Social Relationships & Mortality Risk: 2010 Meta-Analysis Review

For a long time now, the quality and quantity of social relationships have been linked with mental health, physical health and mortality.

Somewhat surprisingly, however, a recent meta-analysis by Holt-Lunstad et al. found that the influence of social relationships on risk of mortality is actually comparable with other more established risk factors of mortality, such as smoking.

The meta-analysis included 148 articles. Odds Ratios (OR) of greater than 1.00 were associated with decreased mortality for individuals with relatively higher level of social interactions, whereas, ORs less than 1.00 were associated with increased mortality. Data were reported from 308,849 participants.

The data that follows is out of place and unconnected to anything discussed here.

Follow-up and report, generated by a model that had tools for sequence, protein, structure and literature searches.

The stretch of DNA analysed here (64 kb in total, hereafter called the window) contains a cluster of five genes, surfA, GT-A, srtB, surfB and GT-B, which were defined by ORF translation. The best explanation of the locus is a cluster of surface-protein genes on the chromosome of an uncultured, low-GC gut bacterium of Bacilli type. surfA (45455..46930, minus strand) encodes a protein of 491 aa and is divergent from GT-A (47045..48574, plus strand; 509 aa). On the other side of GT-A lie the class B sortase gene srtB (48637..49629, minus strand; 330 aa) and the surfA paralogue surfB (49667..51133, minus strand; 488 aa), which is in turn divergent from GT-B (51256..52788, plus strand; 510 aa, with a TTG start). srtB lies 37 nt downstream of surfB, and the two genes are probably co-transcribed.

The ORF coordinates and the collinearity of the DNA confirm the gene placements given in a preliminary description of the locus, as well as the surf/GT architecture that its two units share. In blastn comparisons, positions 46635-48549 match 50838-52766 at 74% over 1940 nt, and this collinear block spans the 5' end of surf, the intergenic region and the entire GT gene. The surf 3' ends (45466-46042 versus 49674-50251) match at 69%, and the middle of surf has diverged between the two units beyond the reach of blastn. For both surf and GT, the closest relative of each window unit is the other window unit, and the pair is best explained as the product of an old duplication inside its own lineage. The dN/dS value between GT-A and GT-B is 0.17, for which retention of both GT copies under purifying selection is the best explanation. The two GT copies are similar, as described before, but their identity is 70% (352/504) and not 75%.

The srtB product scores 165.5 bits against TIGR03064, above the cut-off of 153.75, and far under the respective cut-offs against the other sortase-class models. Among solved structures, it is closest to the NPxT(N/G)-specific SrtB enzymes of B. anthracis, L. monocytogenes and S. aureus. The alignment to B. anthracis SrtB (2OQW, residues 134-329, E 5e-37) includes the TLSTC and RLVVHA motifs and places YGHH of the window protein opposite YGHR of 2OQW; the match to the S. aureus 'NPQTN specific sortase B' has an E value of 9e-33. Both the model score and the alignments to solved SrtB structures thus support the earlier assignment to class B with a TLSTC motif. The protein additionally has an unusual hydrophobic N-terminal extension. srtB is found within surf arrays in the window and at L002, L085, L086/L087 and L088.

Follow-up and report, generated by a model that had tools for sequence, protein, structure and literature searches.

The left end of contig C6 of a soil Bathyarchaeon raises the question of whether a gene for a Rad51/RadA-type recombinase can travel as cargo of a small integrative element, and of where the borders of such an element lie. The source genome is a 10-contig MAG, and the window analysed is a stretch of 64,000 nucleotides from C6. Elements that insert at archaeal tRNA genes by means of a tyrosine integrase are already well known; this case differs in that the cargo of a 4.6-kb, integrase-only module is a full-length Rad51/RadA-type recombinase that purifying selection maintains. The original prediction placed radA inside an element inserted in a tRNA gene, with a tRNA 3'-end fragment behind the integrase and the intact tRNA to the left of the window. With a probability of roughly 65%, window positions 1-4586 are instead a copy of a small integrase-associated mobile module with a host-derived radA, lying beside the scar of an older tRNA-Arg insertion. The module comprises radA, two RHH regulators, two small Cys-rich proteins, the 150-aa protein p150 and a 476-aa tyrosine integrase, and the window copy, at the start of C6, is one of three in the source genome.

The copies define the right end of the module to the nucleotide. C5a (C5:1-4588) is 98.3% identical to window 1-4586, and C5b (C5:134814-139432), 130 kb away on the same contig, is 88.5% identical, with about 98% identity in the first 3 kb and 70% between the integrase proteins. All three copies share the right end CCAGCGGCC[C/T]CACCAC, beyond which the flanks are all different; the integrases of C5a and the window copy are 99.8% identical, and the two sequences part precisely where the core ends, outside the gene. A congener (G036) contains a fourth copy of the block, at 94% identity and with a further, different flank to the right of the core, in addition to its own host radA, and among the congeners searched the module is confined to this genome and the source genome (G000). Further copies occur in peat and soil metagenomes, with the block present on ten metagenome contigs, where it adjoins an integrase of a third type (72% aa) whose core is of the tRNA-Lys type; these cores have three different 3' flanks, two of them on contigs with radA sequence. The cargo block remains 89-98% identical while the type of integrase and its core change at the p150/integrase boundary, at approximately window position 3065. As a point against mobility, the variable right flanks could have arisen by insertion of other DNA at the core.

An average of 29% of study participants were reported as having died during each of the study’s follow-up periods. Across all 148 studies, the average effect size indicated a 50% increased likelihood of survival as a function of stronger social relations.


The evidence from the independent studies indicates that individuals’ experiences within social relationships significantly predict mortality.

The results remained constant across many factors including age, sex, initial health status, length of follow-up period, and cause of death, suggesting that the strength of association between social relationships and mortality is consistent regardless of other factors.



Holt-Lunstad, J., Smith, T. B., & Layton, J. B. (2010). Social relationships and mortality risk: a meta-analytic review. PLoS Med, 7(7), e1000316.